At the Barracks
"The soldiers loved her." At the start of the film, a woman´s voice reports that her grandmother ran a cantina at a barracks for twenty years. But what did everyday life look for her mother, who grew up as a child with her sisters alongside the soldiers? Katharina Copony´s At the Barracks casts a glance back at her grandmother, based on the stories of two generations. There was lots of work and little pleasure, the voice says knowingly, "Real children´s games, that I can´t remember. I simply went along with things." Meanwhile, visible in the picture are two young girls who are cheerfully playing with balls in the same barracks, today. Nearly every shot hits its mark.
Copony´s documentary essay At the Barracks approaches its theme at various levels and times: based on the story of the grandmother, her work in the cantina, and the politics of the post-war years reflected in family life; and based on current recordings of the two girls, who — along with the observation of soldiers in basic training — lend these stories a particular contemporariness.
The setting is the Erzherzog-Johann barracks in Straß, a town in southern Styria. The forgoing of archive material, used all too often in documentary film, turns out to be particularly appealing in At the Barracks — and coherent. After all, it is well known that things we don´t speak about are often more interesting than what we hear, and that also applies to this family history. What we are not presented with in old photos or recordings — such as the father returning from the war, the desire to break out, and freedom — all of that, we have to imagine in this film. "What carries through, throughout all of the generations, despite all of the changes?" asks a voice at the end. At the Barracks offers a noteworthy answer. (Michael Pekler)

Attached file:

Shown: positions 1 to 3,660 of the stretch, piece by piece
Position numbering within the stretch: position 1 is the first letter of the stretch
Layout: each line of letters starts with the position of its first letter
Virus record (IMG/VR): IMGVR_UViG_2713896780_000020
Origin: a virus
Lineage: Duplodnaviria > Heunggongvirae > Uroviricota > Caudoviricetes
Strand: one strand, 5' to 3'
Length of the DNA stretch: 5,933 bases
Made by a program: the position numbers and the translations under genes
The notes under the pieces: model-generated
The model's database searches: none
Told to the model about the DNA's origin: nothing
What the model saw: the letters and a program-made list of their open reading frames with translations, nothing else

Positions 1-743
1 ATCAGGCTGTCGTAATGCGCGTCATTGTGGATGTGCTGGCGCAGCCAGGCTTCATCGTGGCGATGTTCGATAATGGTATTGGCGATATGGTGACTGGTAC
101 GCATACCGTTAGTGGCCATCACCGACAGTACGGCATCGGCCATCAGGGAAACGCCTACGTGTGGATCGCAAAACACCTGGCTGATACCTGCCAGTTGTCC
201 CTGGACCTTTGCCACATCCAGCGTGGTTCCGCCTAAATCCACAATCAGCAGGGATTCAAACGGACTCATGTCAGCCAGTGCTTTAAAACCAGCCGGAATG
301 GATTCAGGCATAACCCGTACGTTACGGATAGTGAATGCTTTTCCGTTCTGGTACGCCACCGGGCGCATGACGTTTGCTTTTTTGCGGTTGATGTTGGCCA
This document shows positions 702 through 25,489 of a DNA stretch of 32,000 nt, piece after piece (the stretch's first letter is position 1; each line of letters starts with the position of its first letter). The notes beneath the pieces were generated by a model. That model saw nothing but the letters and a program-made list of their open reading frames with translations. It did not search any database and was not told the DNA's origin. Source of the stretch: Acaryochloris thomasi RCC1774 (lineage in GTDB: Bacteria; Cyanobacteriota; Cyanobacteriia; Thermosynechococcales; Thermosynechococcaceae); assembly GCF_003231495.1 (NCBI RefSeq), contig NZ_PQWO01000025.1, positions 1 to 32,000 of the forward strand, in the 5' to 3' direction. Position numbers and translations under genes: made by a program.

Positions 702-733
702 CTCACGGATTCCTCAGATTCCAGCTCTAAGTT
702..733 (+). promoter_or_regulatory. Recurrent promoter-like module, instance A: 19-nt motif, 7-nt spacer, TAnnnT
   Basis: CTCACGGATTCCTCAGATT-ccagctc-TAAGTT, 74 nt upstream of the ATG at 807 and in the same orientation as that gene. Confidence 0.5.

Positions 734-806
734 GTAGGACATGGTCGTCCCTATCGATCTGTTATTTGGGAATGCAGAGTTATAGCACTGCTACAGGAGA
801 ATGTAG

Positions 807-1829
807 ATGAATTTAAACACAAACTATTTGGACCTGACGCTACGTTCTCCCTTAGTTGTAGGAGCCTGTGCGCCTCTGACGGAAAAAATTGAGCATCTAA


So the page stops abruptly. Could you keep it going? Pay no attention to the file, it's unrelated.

Translation: Lisa Rosenblatt
For 23 years the director´s grandmother ran the canteen of the military barracks in Straß, Austria. The barracks is a castle. Here she lives as a little girl with her cousins, her mother and two aunts, who also spent their childhood among soldiers.
Adolescent girls in military barracks, the home of a large family in a bellicose environment. This autobiographic film is a family reconstruction on site, a step into the space of memories and imagination while observing the daily routines of the soldiers now posted there. (production note)
In der Kaserne